You can micro-invest in real estate with as little as $100. There are liquidity issues, however. Many platforms expect you to hold your shares for at least five years.

What about other investment asset classes? Today, there are micro-investing platforms for almost any investment you can think of. Do you want to dabble in cryptocurrencies? You have many choices, including Cash App and Juno. Would you like to own shares of a valuable work of art? Check out Masterworks. How about collectibles, such as sports trading cards, autographed jerseys, comic books and luxury cars? Collectable and Rally might suit you. Want to invest in fine wines? Vinovest can help. And if you want a variety of alternative investments on one platform, Yieldstreet has you covered.

Will these micro-investing platforms turn out to be a good investment? The jury is still out, so even daring investors should keep their bets small—and most folks ought to steer clear, instead sticking with stocks and bonds.

Side gigs. What if you want to channel your energy, skill and free time into creating an income stream without commuting to work several days each week? Many income options are available today that didn’t even exist 10 or 20 years ago. Consulting, bookkeeping and teaching are popular part-time jobs for retirees with specialized skills, and these days you can do them online from home.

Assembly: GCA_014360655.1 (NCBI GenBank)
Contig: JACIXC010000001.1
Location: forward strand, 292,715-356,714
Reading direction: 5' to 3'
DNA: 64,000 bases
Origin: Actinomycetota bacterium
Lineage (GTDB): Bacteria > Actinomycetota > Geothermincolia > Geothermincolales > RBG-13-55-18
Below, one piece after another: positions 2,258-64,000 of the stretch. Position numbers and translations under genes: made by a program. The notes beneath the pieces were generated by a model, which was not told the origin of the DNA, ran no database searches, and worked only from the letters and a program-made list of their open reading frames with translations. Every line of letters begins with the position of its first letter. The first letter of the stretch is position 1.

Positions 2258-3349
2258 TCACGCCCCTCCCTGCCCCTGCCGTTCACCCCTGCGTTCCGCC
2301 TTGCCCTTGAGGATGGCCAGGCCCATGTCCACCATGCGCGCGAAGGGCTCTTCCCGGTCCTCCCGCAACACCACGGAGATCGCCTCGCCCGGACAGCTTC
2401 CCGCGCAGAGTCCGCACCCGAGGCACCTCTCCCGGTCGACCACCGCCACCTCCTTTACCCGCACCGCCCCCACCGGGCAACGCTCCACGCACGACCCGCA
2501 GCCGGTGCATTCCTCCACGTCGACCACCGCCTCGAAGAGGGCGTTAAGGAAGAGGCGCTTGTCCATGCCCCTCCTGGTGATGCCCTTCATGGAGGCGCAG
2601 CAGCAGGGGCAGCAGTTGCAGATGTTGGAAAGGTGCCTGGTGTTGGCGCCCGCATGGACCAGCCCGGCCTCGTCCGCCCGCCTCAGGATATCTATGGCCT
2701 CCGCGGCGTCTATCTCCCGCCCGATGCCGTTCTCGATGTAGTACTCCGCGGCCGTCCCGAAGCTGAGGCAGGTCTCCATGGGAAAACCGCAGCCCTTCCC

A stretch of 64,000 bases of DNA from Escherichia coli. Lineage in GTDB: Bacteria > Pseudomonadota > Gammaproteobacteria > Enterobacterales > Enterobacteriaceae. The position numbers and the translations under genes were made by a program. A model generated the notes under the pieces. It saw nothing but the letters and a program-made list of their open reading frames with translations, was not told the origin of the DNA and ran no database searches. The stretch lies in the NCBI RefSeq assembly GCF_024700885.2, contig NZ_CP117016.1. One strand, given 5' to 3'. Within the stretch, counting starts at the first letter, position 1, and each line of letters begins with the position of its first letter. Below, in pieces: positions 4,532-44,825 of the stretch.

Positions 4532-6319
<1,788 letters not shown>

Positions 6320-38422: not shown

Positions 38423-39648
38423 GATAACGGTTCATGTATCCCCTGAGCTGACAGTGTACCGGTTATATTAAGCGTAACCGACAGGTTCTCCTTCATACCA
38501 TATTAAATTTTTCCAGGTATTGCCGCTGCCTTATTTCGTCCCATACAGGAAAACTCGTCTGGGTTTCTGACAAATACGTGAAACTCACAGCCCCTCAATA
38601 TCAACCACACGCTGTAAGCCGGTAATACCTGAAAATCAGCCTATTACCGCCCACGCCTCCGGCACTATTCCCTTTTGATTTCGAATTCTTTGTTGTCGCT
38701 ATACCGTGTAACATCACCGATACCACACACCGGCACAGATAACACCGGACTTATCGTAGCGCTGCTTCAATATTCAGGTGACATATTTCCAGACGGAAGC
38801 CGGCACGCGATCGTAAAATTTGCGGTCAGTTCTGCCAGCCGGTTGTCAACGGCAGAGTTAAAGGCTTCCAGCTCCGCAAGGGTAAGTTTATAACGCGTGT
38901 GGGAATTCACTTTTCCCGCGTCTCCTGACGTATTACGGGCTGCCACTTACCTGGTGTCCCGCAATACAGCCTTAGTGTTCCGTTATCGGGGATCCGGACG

If you want to teach but don’t want the commitment of a regular teaching schedule, you could create a course with a platform such as Udemy and set your own fee. Alternatively, you can create and upload educational videos or blog posts. I still earn income from videos I created years ago. I’m sure every HumbleDollar reader has skills and knowledge they can draw on to create content that’ll have value for others.

Videos and blogs can be lucrative—assuming there’s sufficient interest. One amateur gardener makes thousands of dollars each month with his backyard gardening YouTube channel. The income comes from ad revenue, sponsored videos, Amazon affiliate links at the bottom of each video and plant sales. A woman makes similar amounts from her gray-hair blog. Another woman lives in Mexico as an expat, and made more than $200,000 in 2022 from her Mexico vacation advice blog and from her travel-blogging business.

There are also more exotic ways to make money online. User Interviews pays people to participate in marketing interviews. Sites such as Swagbucks pay people to shop online and complete surveys.

Are you overweight? HealthyWage will pay you to lose weight. How about teaching people how to be mermaids? Believe it or not, you can even make money selling pictures of your feet online—though I’m not sure anybody would pay for pictures of my feet.

Max Chi retired in 2022 after a career as an IT specialist. He also has a background in physical science and digital marketing, and a strong interest in personal finance. Max enjoys traveling, sightseeing and freelancing. He and his wife live in Texas. Max’s previous articles were Anti-Social Behavior and Be Careful Out There.